Housing Studies Association Conference
5-7th April 2017, York
‘The Precariousness of Housing: (in)equality, (in)security, (in)stability and the growing financialisation of the housing system’
I’m really excited about our annual HSA conference this year. Not just because I’m co-organising it and will finally be in charge of the free drinks vouchers (form an orderly queue please!). Honest.
No. I’m excited because even though the theme Martin and I have chosen – precarity and the growing financialisation of our housing system – has become an depressingly omnipresent feature of housing systems across the globe, #hsa17 is offering one of the first opportunities for housing scholars and practitioners to gather and debate this theme. Indeed, I’ve already spoken with delegates interested in attending #hsa17 from across the globe, from Australia to Hong Kong, to Tasmania, to the United States. And, we’ve already had some fantastic abstracts from a growing range of practitioners. Such is a testament to the Housing Studies Association as the leading learned society and to the annual conference as a respected forum for debating cutting edge academic, policy and practice issues.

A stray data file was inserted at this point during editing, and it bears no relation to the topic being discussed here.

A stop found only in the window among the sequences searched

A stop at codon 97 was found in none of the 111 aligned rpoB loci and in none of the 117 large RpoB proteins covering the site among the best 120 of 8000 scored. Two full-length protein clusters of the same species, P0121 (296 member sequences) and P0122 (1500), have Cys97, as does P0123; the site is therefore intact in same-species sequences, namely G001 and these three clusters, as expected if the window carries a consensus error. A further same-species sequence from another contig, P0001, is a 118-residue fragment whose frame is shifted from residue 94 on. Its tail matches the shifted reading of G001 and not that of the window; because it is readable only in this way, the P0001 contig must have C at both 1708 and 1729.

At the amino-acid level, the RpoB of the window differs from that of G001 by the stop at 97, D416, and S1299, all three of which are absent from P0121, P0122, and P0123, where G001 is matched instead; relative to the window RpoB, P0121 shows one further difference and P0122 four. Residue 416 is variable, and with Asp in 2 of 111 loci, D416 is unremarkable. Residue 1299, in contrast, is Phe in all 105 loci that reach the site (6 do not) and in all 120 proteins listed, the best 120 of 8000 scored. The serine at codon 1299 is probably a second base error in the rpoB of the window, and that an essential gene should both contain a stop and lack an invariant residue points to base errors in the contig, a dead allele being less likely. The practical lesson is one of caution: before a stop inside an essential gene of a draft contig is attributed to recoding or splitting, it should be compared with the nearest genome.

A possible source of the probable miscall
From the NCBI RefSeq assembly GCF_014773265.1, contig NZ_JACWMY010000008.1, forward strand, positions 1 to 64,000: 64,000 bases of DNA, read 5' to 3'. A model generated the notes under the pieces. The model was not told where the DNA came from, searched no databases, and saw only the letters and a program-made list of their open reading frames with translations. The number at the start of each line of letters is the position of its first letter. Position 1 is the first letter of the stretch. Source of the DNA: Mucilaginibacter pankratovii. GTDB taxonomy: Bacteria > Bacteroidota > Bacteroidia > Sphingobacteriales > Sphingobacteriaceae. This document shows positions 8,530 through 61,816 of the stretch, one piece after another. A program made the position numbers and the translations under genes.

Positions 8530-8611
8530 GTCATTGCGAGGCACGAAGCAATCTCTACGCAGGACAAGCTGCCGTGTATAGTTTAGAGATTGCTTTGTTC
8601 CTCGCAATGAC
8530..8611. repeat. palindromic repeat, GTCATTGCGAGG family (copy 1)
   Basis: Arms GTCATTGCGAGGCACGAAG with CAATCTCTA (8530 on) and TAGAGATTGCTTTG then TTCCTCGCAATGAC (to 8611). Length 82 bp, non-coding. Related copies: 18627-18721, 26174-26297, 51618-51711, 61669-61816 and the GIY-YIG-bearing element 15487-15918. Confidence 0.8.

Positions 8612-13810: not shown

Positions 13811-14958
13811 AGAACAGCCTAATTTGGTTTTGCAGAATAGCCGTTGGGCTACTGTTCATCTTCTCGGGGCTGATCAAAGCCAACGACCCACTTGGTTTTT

We’re delighted to announce and extended list of plenary speakers who we think will bring important contributions to debates around #hsa17’s themes of inequality, instability, insecurity, precarity and financialisaiton. Our speakers include:
Oliver Wainwright (The Guardian)
Shelagh Grant (Housing Forum)
Paul Quinn (Circle Housing)
Dinah Roake (ATLAS / HCA)
Bob Colenutt (Oxford Brookes)
David Madden (LSE)
Blase Lambert (Confederation of Co-operative Housing)
By the time the conference arrives, two key announcements will have been made. First, the Housing White Paper will be published, giving us a flavour of the direction the May Government wishes to take with housing policy. We await with baited breath. The second will be the announcement of the winning bid for the ESRC’s Housing Evidence Centre, which will be an important vehicle in driving forward a portfolio of research aimed to tackle our increasingly precarious housing system. We hope the conference offers the opportunity to discuss both these important developments, through the plenaries, over drinks or over the conference dinner.
There is still time to submit an abstract; the extended call for papers closes on 3rd February and you can submit your abstract to me by emailing me (firstname.lastname@example.org).
I look forward to welcoming you to #hsa17 in York in April.
Vice Chair and Membership Officer
Housing Studies Association